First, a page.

The Queen goes 3D for Olympics tribute

LONDON Mon Dec 24, 2012 7:11am GMT

1 of 2. Britain's Queen Elizabeth (L) watches a preview of her Christmas message with a pair of 3D glasses, studded with Swarovski crystals in the form of a 'Q', with producer John McAndrew and director John Bennett (R), at Buckingham Palace in central London in a photo released December 24, 2012.

Credit: Reuters/John Stillwell/Pool

LONDON (Reuters) - The Queen will use her traditional Christmas Day message, filmed in 3D for the first time, to pay tribute to the world's athletes for delivering a "splendid summer of sport" at the London Olympics.

In her personal address to the nation, the monarch will pay tribute to the competitors' "skill, dedication, training and teamwork", her office said on Monday.

The 86-year-old head of state provided an Olympic highlight when she made a surprise comic turn with James Bond actor Daniel Craig in a short film for the opening ceremony.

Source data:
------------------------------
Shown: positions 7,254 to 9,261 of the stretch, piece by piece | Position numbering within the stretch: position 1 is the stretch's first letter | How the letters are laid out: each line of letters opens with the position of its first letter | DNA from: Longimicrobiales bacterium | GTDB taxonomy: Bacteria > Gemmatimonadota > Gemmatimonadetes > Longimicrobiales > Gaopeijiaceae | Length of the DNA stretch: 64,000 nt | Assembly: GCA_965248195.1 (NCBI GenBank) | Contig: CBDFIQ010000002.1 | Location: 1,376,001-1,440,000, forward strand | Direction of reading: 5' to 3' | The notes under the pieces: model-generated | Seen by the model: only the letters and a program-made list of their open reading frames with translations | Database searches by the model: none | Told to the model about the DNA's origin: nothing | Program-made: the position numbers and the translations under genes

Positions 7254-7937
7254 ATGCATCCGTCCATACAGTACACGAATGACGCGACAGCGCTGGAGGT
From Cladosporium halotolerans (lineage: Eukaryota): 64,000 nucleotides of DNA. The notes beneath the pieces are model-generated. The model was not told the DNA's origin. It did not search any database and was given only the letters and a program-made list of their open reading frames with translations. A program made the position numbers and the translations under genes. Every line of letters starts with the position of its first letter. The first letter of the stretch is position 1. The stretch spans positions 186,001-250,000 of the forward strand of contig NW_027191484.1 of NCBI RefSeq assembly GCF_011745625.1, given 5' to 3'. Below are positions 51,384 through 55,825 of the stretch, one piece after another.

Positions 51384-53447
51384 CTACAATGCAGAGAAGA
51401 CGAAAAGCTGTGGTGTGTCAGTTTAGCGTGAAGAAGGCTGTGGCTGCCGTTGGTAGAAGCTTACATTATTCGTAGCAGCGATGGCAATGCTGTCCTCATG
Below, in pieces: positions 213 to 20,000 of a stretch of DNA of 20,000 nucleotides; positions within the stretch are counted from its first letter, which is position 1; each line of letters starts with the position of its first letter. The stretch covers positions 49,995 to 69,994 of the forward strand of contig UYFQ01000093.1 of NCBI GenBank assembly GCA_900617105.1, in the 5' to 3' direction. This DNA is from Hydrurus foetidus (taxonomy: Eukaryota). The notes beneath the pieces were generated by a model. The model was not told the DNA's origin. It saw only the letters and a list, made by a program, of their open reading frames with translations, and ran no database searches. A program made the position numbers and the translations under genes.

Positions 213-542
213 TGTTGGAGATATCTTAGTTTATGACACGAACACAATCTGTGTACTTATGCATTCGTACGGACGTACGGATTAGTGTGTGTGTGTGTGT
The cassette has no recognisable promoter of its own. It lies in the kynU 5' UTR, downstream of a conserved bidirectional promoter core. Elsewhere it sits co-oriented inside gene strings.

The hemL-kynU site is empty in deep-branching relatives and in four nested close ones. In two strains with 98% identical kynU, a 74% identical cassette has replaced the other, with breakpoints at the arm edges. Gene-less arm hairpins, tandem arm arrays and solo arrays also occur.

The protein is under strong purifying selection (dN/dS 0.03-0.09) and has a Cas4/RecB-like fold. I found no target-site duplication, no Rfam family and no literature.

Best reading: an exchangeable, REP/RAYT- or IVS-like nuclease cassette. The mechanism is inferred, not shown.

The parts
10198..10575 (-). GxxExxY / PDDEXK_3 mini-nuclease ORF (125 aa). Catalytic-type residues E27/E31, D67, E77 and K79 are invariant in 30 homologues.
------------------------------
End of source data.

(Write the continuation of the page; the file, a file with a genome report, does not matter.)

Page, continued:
"In pursuing their own sporting goals, they gave the rest of us the opportunity to share something of the excitement and drama," she will say, according to advance extracts.

The Queen missed a church service at her country retreat on Sunday due to a cold, Buckingham Palace said. Her message was pre-recorded and will go out as expected.

It comes at the end of a landmark year for the royal family.

The Queen marked 60 years on the throne with the Diamond Jubilee celebrations and her grandson Prince William and his wife Kate are expecting their first baby.

Prime Minister David Cameron issued his own Christmas message in which he talked of Britain's "extraordinary year".

"We cheered our queen to the rafters with the Jubilee, showed the world what we're made of by staging the most spectacular Olympic and Paralympic Games ever and - let's not forget - punched way above our weight in the medals table," he said.

The first Christmas broadcast was given by Queen Elizabeth's grandfather George V in 1932. It has become a Christmas Day tradition for many families to watch it together after lunch.

(Reporting by Peter Griffiths; Editing by Stephen Powell)

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